Often, though, you don't want this behavior. Instead, you want it to change the field value every time any field used in the calculation is changed, just like a normal calculation. You can easily get this modified behavior by turning off the "Do not replace existing value of field (if any)" checkbox in the Field Options dialog box (shown here). When you turn this checkbox is off, FileMaker dutifully updates the field value whenever the calculation evaluatesin other words, when any field it uses changes.
Which option you should choose depends on the situation. For the Date Due field, you probably want to turn this option off. After all, if you're changing the date of an invoice, it's reasonable to assume you want to rethink the due date as well.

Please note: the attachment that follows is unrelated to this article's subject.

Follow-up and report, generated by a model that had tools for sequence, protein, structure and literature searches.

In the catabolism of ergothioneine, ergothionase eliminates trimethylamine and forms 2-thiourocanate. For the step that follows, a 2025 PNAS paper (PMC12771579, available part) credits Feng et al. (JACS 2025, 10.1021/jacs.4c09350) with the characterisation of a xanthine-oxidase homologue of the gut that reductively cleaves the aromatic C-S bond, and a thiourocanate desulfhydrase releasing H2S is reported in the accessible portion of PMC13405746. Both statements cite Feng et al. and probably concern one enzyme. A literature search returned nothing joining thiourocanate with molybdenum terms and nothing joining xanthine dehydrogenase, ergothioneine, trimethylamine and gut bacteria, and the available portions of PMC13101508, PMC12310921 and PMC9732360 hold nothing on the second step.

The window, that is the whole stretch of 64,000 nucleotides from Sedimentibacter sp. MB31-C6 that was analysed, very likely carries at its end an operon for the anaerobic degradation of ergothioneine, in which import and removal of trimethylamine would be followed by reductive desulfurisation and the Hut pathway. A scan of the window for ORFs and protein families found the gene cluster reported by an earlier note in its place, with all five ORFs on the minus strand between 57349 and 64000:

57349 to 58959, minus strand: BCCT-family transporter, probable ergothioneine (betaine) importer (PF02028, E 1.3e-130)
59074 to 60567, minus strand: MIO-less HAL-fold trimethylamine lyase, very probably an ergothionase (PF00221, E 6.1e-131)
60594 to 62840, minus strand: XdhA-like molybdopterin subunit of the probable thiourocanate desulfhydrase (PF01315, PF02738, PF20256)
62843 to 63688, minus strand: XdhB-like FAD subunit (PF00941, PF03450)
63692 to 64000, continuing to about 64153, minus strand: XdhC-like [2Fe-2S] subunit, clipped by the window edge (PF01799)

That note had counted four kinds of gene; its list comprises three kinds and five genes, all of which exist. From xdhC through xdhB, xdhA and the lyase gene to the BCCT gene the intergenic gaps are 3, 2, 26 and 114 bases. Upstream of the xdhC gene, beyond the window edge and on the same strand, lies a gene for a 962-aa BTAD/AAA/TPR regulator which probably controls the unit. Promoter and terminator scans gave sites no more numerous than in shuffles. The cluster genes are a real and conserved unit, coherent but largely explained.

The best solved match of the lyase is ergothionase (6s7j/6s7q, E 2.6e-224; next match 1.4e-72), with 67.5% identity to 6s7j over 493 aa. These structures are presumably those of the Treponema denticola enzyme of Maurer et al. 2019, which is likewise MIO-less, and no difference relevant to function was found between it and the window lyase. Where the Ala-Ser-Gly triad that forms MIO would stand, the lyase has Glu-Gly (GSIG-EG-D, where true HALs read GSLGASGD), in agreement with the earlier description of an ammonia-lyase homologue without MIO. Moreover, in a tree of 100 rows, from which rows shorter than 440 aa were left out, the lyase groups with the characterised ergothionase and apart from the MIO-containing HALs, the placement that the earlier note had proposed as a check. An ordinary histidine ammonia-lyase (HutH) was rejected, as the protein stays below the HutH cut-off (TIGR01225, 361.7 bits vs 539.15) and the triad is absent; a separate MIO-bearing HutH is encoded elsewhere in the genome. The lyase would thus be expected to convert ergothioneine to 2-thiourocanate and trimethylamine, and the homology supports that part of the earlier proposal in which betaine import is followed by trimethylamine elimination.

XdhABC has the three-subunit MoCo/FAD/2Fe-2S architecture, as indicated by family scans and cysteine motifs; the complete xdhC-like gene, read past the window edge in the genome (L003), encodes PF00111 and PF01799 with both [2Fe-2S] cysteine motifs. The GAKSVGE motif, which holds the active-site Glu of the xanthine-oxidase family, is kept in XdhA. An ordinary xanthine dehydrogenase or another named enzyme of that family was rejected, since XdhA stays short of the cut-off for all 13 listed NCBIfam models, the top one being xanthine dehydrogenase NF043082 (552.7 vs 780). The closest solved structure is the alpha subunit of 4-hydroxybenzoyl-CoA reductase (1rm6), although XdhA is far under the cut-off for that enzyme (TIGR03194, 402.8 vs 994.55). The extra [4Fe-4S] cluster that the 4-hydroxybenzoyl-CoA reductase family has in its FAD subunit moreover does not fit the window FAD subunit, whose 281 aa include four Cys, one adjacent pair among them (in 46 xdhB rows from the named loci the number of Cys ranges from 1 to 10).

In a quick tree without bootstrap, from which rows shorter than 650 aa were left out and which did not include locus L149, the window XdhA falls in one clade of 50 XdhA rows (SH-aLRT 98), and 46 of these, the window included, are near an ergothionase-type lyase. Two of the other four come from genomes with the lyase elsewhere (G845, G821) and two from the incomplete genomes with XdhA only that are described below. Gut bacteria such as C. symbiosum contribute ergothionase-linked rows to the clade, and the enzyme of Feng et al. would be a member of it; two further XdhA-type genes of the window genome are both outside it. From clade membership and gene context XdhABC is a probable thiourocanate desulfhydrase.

But suppose you have a database of products, and you use an Auto-Enter calculation to copy the distributor's product code into your internal product code field. If you then change the internal product code to something unique to you, you probably don't want it to change again if you switch to a different distributor. In that case, you would leave the "Do not replace existing value (if any)" option turned on, ensuring that once you've put in your own special value, it never changes.
The function list updates to show just the text functions.
The function appears in the calculation box. Notice that "text" is already highlighted, ready to be replaced. The Length function returns the length of a text value. You use it here to see how many characters are in the Zip Code field